To really understand Dada, one must go back to World War I. In the middle of the chaos of war and authoritarian governments, artists were trying to find a balance between the two, to break away from the bourgeois ideal of the aesthetic. Dada was as much about opening up political narrow-mindedness as it was a new foray into the artistic avant-gaurd.
Yet I am not convinced that this art movement truly was a revolution in thinking about the modern world. Dada is nothing more than protest trussed up in another guise. Kitchen sinks on pedestals and syllabic poems have no meaning outside of the creator’s explanations and manifestos. These pieces of modern art are like emoticons in e-mails. Take them out, and the meaning of the e-mail still is clear.
However, I do not think that Dada was completely useless. It was the physical manifestation of the western world in unrest. A group’s sudden decision to shock and titillate was a symptom of something terribly wrong on a much larger scale. And perhaps this serves as an example as one of society’s signposts for a rocky near future ahead.
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Every time I pick up a science book, I am struck with terrible indecision. Should I read the book in my hand or some other science book on the shelf? Eventually, I decide with a sigh, I will have to read all of them if I’m to keep up with anybody. Despite publishing slumps and low library check-out rates (for materials other than DVDs), everyone else seem to be incredibly well-read–more than me at any rate–or at least they act like it. Maybe it’s due to the company I keep or perhaps to my poor brain’s inability to quote verbatim passages from relevant texts. Or maybe it’s because I don’t pretend to know everything. (The words “I don’t know” is as much of a conversation stopper as much as the subject of scab picking.)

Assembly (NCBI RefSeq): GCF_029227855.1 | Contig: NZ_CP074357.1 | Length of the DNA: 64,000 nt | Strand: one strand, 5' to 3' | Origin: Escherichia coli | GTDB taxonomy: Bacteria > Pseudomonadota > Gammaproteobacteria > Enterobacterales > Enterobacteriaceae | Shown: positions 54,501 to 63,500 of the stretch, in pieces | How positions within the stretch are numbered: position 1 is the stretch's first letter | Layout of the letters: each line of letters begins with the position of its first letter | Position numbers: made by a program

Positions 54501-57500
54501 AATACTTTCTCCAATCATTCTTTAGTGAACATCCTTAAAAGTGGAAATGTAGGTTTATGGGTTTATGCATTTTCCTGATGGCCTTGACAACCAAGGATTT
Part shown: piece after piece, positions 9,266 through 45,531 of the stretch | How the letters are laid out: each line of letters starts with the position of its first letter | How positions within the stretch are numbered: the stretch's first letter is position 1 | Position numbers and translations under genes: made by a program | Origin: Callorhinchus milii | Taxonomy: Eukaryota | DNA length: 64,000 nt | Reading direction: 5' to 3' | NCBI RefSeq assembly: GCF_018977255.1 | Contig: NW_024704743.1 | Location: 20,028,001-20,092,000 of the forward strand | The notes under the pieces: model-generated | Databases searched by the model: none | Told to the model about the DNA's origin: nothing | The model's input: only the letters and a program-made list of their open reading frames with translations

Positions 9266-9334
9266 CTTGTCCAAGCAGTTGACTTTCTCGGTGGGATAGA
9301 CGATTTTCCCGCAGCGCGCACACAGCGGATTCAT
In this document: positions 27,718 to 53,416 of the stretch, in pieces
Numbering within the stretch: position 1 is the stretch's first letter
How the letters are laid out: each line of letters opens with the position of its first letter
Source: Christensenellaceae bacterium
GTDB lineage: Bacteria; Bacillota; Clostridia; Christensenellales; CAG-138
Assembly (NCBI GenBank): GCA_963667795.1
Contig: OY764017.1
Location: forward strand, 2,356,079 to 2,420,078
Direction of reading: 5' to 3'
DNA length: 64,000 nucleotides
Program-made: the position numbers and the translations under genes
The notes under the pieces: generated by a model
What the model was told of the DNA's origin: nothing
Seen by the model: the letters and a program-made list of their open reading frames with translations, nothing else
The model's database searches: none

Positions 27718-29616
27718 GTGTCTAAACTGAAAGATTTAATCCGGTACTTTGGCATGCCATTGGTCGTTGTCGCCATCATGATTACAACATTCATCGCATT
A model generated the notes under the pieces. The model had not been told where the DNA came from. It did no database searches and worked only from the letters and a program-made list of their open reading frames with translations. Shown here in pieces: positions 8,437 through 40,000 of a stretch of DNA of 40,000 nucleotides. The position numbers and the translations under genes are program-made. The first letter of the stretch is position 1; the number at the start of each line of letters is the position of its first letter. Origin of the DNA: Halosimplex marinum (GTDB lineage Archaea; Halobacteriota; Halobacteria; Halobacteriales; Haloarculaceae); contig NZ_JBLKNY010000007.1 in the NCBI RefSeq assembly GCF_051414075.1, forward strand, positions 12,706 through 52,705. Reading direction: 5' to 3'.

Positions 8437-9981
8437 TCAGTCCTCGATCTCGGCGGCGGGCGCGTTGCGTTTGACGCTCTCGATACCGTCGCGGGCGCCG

Anyways, when I picked up Matt Ridley’s Genome, I was at first skeptical. How can anyone tell a biography of a species in a mere 23 chapters, 300 pages? Any genome, from bacteria to human, is extremely complex and after many textbooks and even more research papers, the story is still far from complete. But one has to take into account that this book is for laymen. The average person on the street has no time to wade through the vast scientific literature. Instead of training for years to be a jet fighter or astronaut, people want to get on a roller coaster ride and get the so-called entire experience in 90 seconds or less. And Genome is precisely that, a roller coaster ride of genetic proportion, abet in paper form.
Ridley structures the tale on the number of human chromosomes and picks one gene from each to help him tell the story of how our genome came to be. This ranges from the 5S RNA as a clue to the origin of life to the tumor suppressor TP53 and the ced genes which cause programmed cell death. In between, one finds out such goodies like genetic antagonism between the sexes, genes involved in language, prions, Alzheimer’s, and genomic parasites. Some may argue that it is not genes that determine who we are but the environment. If that is so, then there is still no free will–it is the outside forces that determine our destiny. But Ridley concludes with an odd and almost paradoxical view of free will: since genes are part of us, and there is obviously some genetic control over our lives, isn’t that a form of free will?